Following feedback from Wendy, I’ve simplified and focused the descriptor. I’ve got a clearer sense of the outcomes of the project in relation to the work done so far, and how the work submitted for the FMP will relate to the wider community engagement work. The relationship between this work and the wider body of work can be discussed in the Critical Review of Practice, which will include some thoughts on how the work might be developed following the MA. There is still some finessing of the text to be done (including the titling of the three components).
Beating the Bounds
Beating the bounds is an ancient English custom that, in a period that pre-dates maps, involved walking the boundaries of an area in order to remind a community of the extent of its territory through visceral experience of its natural and human markers.
This project, inspired and informed by my community engagement activities in east London, explores three areas of rapid and extensive redevelopment in the Barking and Dagenham, London’s poorest and fastest developing borough. The urgent demand for new housing has put particular pressure on the outer boroughs of east London, optimistically referred to as the ‘rising east’. A combination of availability of disused industrial sites, neglected housing stock, social demand and aspirational local government has led to a proliferation of large-scale housing developments.
These regeneration projects have a profound impact on communities and the environment. As contested, privately owned spaces, they disrupt the relationship between community and place, severing continuity between the past and present and hopes for the future, and transform the relationship between the built and, an increasingly manicured, natural environment. The vision for the three areas presented by the developers is generic and homogeneous, and consequently dramatically out of step with the particular environmental, social and cultural characteristics of each area.
My photographic work presented for the final project visually explores aspects of this disjunction. The work is produced from images and sound recordings made, and artefacts collected, in walking the ‘bounds’ of each of the three developments. It is presented alongside contextualising materials, including maps, historical images, planning documents, text and computer-generated images.
Beating the Bounds One. The town centre is a transport and retail hub that acts as a focus of activity for a diverse community. The vision of creating a ‘mini-Manhattan‘ with high rise apartments and upmarket retail outlets lies in tension with the life-worlds of current residents in one of the poorest wards of the UK. A market, dating back to the twelfth century, runs along one edge of the development area. The images explore the complex entanglement of everyday human activity with the changing natural and built environment, an entanglement neglected and negated by the CGI projected vision of the developers.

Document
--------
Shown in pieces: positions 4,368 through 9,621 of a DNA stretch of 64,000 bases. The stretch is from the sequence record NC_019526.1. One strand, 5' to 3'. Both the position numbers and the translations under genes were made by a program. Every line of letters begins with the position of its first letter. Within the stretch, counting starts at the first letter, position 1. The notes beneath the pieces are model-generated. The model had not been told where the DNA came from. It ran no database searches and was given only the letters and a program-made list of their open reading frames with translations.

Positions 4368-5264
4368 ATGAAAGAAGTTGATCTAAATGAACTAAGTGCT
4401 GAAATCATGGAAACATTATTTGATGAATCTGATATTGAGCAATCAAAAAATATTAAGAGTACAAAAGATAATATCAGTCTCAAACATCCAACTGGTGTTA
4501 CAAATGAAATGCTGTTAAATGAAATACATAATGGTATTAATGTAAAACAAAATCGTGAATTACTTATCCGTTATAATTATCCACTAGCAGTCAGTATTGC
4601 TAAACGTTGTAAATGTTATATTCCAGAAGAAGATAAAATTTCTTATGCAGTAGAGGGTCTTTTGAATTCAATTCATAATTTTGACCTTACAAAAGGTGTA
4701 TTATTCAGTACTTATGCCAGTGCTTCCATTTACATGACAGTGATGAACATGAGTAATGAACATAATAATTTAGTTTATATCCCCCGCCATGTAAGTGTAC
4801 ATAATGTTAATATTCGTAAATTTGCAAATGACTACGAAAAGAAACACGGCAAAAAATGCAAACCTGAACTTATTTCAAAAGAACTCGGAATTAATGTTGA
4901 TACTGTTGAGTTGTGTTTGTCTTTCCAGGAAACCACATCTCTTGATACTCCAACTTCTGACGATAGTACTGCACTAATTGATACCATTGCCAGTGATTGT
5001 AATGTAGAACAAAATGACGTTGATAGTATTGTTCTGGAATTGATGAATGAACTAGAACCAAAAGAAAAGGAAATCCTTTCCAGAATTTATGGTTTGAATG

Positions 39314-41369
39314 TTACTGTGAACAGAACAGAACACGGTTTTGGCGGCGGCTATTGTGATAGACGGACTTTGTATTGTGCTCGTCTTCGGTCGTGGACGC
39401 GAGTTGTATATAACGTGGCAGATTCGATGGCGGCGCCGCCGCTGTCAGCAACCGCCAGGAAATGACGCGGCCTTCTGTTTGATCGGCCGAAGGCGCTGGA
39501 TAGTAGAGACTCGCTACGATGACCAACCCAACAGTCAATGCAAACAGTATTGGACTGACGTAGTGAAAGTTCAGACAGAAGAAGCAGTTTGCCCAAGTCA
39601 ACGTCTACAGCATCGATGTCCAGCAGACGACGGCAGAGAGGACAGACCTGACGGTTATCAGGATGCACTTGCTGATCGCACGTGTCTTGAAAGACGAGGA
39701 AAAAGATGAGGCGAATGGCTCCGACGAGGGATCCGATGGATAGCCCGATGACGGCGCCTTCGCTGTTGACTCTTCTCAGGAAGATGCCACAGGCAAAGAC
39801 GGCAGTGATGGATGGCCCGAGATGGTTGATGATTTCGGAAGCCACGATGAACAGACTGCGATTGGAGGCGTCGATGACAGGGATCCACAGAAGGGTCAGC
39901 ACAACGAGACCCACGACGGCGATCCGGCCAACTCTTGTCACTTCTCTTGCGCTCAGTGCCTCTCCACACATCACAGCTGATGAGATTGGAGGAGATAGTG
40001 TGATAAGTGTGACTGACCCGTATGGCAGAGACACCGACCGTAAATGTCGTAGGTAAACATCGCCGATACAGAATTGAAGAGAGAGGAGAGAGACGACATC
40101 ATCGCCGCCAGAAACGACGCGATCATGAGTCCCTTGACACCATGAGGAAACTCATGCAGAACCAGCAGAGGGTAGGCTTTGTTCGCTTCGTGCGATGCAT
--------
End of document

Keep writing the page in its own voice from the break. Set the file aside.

Beating the Bounds Two. Barking is an ancient parish, dating back to the seventh century. It straddles the River Roding and developed around fishing and boat building from the fourteenth to the nineteenth century, at which time it was home to England’s largest fishing fleet, the Short Blue. The industrial properties and retail parks that built up around the river following the decline of fishing are now the site of a number of large high-density housing developments, collectively referred to as the Roding Riviera. The images explore the developments reflected in the river that flows alongside them and represented on the hoardings which separate the development from a historic site along its eastern border, which includes the Church where Captain James Cook and Elizabeth Batts were married in 1762.
Beating the Bounds Three. The Barking Riverside development runs along the Thames and is surrounded by industrial units, scrap yards and waste processing plants. It sits on marshland adjacent to former sites of two power stations (a decommissioned gas-powered plant and an older now demolished coal-fired plant) and chemical plants, which have left high levels of pollutants in the land. This development is one of the largest in Europe, comprising of over 11,000 units, and ultimately housing a population equivalent to a city the size of Derby. The aspirations of the council leader are to create a ‘Barcelona on the Thames‘, a reference to the regeneration of the derelict industrial eastern Barcelona waterfront in preparation for and following the 1992 Olympics. In this series of images, the unruly industrial and natural periphery of the Barking Riverside development is explored through the chemical and digital degradation of images of the development, and through images made of along the boundary between the riverside public footpath and the private land of the new development.
The images and materials are presented in three artist made archive boxes and can be configured and used in different ways (for instance, as an exhibition, as the basis for a group activity or for individual handling and reflection). There is no predefined order to the images or expectations about how viewing of the images should be combined with the contextual materials. The work is non-didactic and is designed to eschew a single narrative. The sets of images are presented as a lyrical response and intended to offer the viewer the opportunity to construct their own narratives and sense of place from their engagement with the work, and, indeed, to reconfigure and add to the collections.
‘The catalyst that converts any physical location–any environment if you will–into a place, is the process of experiencing deeply. A place is a piece of the whole environment that has been claimed by feelings’.(Gussow, 1971:27)
Alan Gussow. 1971. A Sense of Place: the Artist and the American Land. San Francisco: Friends of the Earth/John Muir Institute.